You asked whether the investment of benefits by the representative payees in certain
mutual funds and life insurance is appropriate under Illinois law. Illinois state
law, which follows the "prudent investor" rule, indicates that a representative payee
must use reasonable care, skill and caution with the interest of the beneficiary as
the key element. We conclude that the mutual funds appear to meet that standard. However,
we cannot determine whether the life insurance policy meets that standard without
It appears Kirk B~ is the representative payee for the conserved funds of Elizabeth
and Benjamin B~. Sometime prior to June 2002, the payee invested an amount of money_11
in two separate Fidelity Blue Chip Growth funds.
It appears Susan G~ is the representative payee for the conserved funds of Matthew
P~. Sometime prior to September 2002, the payee invested $1,200 in American Funds:
The Income Fund of America.
It appears Kay M~ is the representative payee for the conserved funds of Blake P~.
Sometime prior to January 2003, the payee invested an amount of money_22 in Gerber
Federal regulations provide that, after a representative payee has used Social Security
benefit payments for the current maintenance of the beneficiary, any remaining amounts
are to be conserved or invested on the beneficiary's behalf. See 20 C.F.R. § 404.2045, 416.645. Any such "[c]onserved funds should be invested in
accordance with the rules followed by trustees." Id. We look to state law to determine how trustees should invest funds. See POMS GN 00603.040(A). Generally, states tend to follow a "prudent investor" rule, and that rule is
applied in Illinois. See 760 ILCS 5/5; Memorandum from Reg. Chief Counsel, Chicago, to Deputy General Counsel,
Office of the General Counsel, Six State Survey, Investment of Conserved Funds, at
1 (August 2, 2001).
The regulations sate that the preferred investments for excess funds are United States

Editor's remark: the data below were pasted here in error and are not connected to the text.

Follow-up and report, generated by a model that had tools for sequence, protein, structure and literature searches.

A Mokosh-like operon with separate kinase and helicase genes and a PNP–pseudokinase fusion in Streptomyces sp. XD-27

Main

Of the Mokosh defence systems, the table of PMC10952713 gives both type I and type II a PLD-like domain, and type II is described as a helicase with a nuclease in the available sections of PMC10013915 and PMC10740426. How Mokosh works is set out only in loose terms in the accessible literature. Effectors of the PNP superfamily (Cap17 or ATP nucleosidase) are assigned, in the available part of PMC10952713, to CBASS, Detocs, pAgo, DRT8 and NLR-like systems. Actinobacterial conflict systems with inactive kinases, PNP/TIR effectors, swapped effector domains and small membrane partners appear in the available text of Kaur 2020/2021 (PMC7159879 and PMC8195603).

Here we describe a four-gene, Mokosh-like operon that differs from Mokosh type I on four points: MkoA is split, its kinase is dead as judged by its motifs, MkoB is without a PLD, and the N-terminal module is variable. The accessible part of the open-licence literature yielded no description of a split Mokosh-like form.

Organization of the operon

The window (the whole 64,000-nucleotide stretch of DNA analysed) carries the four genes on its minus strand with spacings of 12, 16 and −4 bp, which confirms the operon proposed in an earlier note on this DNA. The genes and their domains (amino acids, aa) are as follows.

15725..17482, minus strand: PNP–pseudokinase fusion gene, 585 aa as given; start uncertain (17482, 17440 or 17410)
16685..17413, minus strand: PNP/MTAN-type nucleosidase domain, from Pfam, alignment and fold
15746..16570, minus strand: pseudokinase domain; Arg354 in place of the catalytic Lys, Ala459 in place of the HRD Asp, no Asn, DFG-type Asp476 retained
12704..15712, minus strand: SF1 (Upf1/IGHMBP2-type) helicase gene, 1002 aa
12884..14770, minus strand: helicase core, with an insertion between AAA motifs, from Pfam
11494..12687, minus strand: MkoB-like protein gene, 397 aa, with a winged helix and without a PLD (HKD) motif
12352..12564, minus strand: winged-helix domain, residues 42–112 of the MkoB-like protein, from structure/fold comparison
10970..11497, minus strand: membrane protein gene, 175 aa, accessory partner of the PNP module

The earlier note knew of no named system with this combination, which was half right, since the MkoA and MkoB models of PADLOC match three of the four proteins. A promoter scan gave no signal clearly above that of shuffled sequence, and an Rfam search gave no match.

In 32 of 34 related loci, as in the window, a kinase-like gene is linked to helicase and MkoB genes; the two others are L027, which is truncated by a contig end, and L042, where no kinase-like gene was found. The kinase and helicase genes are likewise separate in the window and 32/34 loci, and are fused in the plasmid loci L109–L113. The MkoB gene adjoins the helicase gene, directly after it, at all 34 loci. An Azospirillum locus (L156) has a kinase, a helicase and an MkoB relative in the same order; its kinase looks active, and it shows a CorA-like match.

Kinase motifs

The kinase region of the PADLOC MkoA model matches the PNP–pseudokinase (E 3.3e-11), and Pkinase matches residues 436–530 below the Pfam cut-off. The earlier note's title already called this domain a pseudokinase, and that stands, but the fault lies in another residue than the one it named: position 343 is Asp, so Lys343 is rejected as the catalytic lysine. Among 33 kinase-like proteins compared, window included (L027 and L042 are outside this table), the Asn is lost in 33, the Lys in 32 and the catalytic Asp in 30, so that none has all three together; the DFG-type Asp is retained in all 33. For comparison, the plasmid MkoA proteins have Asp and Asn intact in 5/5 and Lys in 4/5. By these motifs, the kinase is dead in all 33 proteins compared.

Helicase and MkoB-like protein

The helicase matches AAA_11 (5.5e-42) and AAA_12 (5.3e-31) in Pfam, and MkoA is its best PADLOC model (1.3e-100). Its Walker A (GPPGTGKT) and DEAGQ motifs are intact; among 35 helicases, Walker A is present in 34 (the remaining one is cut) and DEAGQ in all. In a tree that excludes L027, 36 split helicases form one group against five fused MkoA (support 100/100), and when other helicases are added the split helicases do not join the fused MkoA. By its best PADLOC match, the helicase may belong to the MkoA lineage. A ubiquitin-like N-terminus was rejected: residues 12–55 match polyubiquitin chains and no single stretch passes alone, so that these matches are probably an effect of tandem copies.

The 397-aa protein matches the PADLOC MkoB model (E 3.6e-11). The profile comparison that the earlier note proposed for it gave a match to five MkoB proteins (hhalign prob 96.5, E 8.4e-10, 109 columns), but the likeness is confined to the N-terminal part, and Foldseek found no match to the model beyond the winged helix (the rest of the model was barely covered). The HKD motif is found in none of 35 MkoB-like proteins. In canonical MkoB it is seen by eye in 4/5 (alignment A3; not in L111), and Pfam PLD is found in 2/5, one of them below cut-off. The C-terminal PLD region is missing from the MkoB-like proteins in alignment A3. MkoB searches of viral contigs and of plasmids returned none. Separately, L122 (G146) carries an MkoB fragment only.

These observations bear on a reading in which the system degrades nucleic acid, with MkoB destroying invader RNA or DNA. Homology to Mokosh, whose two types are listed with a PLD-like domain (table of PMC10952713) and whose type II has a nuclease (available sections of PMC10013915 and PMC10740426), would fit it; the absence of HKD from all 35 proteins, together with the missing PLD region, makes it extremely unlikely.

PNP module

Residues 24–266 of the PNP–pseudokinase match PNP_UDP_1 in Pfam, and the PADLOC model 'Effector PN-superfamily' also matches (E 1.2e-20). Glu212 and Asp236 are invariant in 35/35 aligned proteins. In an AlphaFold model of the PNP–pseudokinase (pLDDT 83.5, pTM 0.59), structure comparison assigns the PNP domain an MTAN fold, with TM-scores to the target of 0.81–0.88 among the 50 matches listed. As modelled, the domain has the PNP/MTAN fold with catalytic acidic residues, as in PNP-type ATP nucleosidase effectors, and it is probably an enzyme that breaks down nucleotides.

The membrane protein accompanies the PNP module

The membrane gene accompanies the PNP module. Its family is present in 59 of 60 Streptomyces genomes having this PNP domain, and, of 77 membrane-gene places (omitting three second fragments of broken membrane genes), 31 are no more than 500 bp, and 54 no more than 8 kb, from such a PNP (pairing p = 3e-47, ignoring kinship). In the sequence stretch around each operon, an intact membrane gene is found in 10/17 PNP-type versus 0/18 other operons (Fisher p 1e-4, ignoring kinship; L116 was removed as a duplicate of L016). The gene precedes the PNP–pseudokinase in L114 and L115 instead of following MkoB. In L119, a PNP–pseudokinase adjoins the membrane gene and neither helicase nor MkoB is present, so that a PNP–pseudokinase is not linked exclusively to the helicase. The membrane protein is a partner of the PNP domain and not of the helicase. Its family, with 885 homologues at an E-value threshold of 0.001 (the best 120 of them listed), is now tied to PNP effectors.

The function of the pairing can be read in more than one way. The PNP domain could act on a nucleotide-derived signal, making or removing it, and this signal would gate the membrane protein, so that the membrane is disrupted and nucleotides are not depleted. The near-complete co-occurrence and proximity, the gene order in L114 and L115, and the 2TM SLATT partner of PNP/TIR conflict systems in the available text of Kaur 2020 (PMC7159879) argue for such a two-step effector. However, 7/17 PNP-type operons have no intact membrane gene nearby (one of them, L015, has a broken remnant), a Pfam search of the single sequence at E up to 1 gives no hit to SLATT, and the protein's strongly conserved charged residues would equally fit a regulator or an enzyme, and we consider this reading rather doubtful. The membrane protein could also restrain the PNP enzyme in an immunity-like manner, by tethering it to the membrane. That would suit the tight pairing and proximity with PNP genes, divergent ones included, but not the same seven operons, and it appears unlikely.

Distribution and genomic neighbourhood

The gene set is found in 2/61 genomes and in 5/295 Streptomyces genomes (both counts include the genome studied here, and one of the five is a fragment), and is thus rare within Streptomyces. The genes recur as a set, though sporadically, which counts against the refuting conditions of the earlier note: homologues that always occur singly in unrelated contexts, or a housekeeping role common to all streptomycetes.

savings bonds and deposits in an interest or dividend paying account in a bank, trust
company, credit union, or savings and loan association which is insured under either
Federal or State law. 20 C.F.R. §§ 404.2045(b), 416.645(b). Similarly, operating procedures
require that excess benefits be conserved or invested with minimum risk, with preferred
investments being United States savings bonds. Benefits may also be invested in accordance
with state law governing the investment of trust estates by trustees. POMS GN 00603.001
The prudent investor rule is found at 760 Illinois Complied Statutes (ILCS) 5/5. No
specific types of investments are required or restricted. No specific investment or
course of action is, taken alone, prudent or imprudent. The trustee may invest in
every kind of property and type of investment, subject to the prudent investor rule.
760 ILCS 5/5(2). Illinois case law does not provide much guidance in this area. Rubin v. Laser, 703 N.E.2d 453 (Ill. App. 1998), discusses the purchase of bank stock in the trustee's
capacity as trustee and as an individual. Giagnorio v. Torkelson Trust, 686 N.E.2d 42 (Ill. App.2d 1997), discusses the sale price of a particular limited
interest stock held by the trust, but did not object to the trust buying and selling
In addition, a trustee in Illinois is required to consider the purposes, terms, distribution
requirements, and other circumstances of the trust. A trustee has the duty to use
reasonable care, skill and caution in the investment of funds. 760 ILCS 5/5(a)(1).
A trustee should diversify investments, unless it is in the best interests of the
beneficiary not to diversify. 760 ILCS 5/5(a)(3). Generally, a trustee in Illinois
has a duty not to delegate to others the performance of any acts involving the exercise
of judgment and discretion. 760 ILCS 5/5.1(a). However, a trustee may properly delegate
investment functions by exercising reasonable care, skill and caution in selecting
the investment agent, in establishing the scope and specific terms of any delegation,
and in periodically reviewing the agent's actions in order to monitor overall performance
and compliance. 760 ILCS 5/5.1(b)(1). This, presumably, would allow a trustee to
invest in managed funds, such as mutual funds. See also 760 ILCS 5/5.2.
Mr. B~'s investment in the Fidelity Blue Chip Growth Fund appears appropriate, so
long as the investment was selected with "reasonable care, skill and caution" and
the assets are reasonably diversified. See 760 ILCS 5/5(a)(1). The objective of the Fidelity Blue Chip Growth Fund is to seek
growth of capital over the long term and normally invests primarily in common stocks
of well-known and established companies. See http://fidelity.com (last visited Jan. 15, 2004). It normally invests at least eighty percent of assets
in blue chip companies whose stock is included in the Standard & Poor's 500 Index
or the Dow Jones Industrial Average, and companies with market capitalizations of
at least one billion dollars if not included in either index. See id. The fund has a Morningstar rating of four stars. See id. Regarding volatility, as of December 31, 2003, the fund had a beta of 1.04 and R2